“I think the easiest way to describe how it’s been to be here without cellphones ringing and texts pinging is, when I told my colleagues and friends that I was heading out to Green Bank and that I would have no cellphone service, what most of them said to me was, ‘you’re so lucky,’” Schnall said. “And I said, ‘cool, you’re right; I am lucky.’ My focus is on what we’re doing, not who’s trying to reach me.”
While there are some obvious drawbacks to no cellphone service – number one being he could not keep in contact with his two daughters – Schnall said he was reminded of his childhood when cellphones and the Internet didn’t exist.
“You can go a day without knowing exactly who did what,” he said. “I grew up in a time when there were no cellphones and you couldn’t reach somebody until you were home or until you went to the pay phone. If you needed to reach somebody, sometimes, you had to go down the street and knock on their door.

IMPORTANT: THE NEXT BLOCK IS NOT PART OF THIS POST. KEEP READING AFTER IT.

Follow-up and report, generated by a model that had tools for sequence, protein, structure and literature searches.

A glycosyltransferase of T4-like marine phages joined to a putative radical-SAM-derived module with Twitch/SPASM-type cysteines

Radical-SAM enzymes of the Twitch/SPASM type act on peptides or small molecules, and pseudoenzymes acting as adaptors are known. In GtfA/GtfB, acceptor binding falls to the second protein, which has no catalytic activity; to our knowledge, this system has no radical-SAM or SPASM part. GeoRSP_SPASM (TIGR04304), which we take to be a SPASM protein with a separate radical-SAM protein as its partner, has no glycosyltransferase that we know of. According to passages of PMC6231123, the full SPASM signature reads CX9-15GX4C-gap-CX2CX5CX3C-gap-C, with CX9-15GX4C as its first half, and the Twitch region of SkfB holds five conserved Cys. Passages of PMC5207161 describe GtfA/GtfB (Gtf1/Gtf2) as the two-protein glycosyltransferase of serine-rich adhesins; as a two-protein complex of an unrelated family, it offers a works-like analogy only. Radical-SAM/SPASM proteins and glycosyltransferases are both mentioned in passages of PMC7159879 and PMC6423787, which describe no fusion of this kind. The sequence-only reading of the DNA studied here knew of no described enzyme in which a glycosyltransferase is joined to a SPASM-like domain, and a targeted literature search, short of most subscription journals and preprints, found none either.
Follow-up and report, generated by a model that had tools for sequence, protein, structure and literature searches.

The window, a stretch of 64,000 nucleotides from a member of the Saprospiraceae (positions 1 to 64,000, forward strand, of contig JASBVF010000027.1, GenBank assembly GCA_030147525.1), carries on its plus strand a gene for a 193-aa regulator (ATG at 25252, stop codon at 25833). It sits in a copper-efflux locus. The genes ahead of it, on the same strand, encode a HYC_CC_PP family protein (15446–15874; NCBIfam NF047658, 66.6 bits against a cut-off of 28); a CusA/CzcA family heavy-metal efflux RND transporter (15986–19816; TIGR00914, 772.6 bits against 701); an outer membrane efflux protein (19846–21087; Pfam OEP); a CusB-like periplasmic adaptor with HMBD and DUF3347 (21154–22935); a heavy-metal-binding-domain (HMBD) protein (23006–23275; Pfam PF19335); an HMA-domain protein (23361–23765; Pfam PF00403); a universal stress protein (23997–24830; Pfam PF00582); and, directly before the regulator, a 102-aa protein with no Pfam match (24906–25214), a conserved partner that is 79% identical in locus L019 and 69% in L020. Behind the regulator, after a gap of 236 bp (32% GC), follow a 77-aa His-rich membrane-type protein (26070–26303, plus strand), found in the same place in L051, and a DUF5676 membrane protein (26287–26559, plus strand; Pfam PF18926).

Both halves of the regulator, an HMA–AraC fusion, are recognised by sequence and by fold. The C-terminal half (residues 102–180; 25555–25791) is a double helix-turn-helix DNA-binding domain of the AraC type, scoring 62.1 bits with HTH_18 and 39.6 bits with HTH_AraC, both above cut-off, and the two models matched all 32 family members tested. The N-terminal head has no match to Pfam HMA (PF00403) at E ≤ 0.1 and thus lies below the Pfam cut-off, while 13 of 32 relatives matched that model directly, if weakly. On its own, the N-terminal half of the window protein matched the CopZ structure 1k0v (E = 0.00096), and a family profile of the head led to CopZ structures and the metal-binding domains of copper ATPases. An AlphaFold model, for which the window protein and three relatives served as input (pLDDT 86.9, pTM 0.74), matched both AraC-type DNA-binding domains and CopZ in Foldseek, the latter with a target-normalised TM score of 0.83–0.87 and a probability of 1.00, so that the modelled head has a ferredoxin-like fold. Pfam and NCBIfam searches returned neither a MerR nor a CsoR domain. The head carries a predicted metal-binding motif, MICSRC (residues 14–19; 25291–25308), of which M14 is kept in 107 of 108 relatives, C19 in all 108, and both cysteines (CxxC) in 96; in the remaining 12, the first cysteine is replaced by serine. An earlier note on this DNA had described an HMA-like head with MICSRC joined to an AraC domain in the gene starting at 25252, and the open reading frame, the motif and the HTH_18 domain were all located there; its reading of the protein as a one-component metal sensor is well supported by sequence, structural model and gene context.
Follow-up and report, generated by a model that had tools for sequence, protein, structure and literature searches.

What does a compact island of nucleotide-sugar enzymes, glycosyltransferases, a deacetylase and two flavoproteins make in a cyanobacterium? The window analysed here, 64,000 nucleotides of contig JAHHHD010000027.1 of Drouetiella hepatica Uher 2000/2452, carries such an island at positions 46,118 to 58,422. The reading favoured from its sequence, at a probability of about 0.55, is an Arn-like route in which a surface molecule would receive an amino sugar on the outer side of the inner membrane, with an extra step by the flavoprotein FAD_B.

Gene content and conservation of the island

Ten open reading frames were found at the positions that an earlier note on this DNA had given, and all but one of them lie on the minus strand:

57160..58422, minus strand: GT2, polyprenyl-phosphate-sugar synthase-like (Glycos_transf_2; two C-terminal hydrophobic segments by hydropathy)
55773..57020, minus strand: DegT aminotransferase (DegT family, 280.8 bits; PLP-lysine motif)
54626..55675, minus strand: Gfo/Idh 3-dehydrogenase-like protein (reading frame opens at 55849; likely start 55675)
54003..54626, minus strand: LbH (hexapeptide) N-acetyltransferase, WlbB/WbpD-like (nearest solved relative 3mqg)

“It’s not like Green Bank has returned to any past,” he continued. “It’s sort of like the past, present and future is all wrapped up in one in the sense that you can go for hours or a day without being on your cellphone, without being on the Internet.”
In addition to talking with residents, the crew visited the National Radio Astronomy Observatory to learn more about the facility and the telescopes – the main reason for the Quiet Zone.
Schnall said he enjoyed the contrast of beautiful scenery mixed with a technological giant like the Green Bank Telescope.
“I think that’s also part of the interesting irony about Green Bank and the radio telescope,” he said. “The environment, the location – the rolling hills, the stunning sort of landscape is an interesting contrast first to the telescope itself and the fact that it’s searching for answers to the universe a mere thirty million lightyears away. I like that.”
As he interviewed GBT Principal Scientist Dr. Jay Lockman, Schnall said the NRAO itself is another great example of the past, present and future coexisting much like the town it calls home.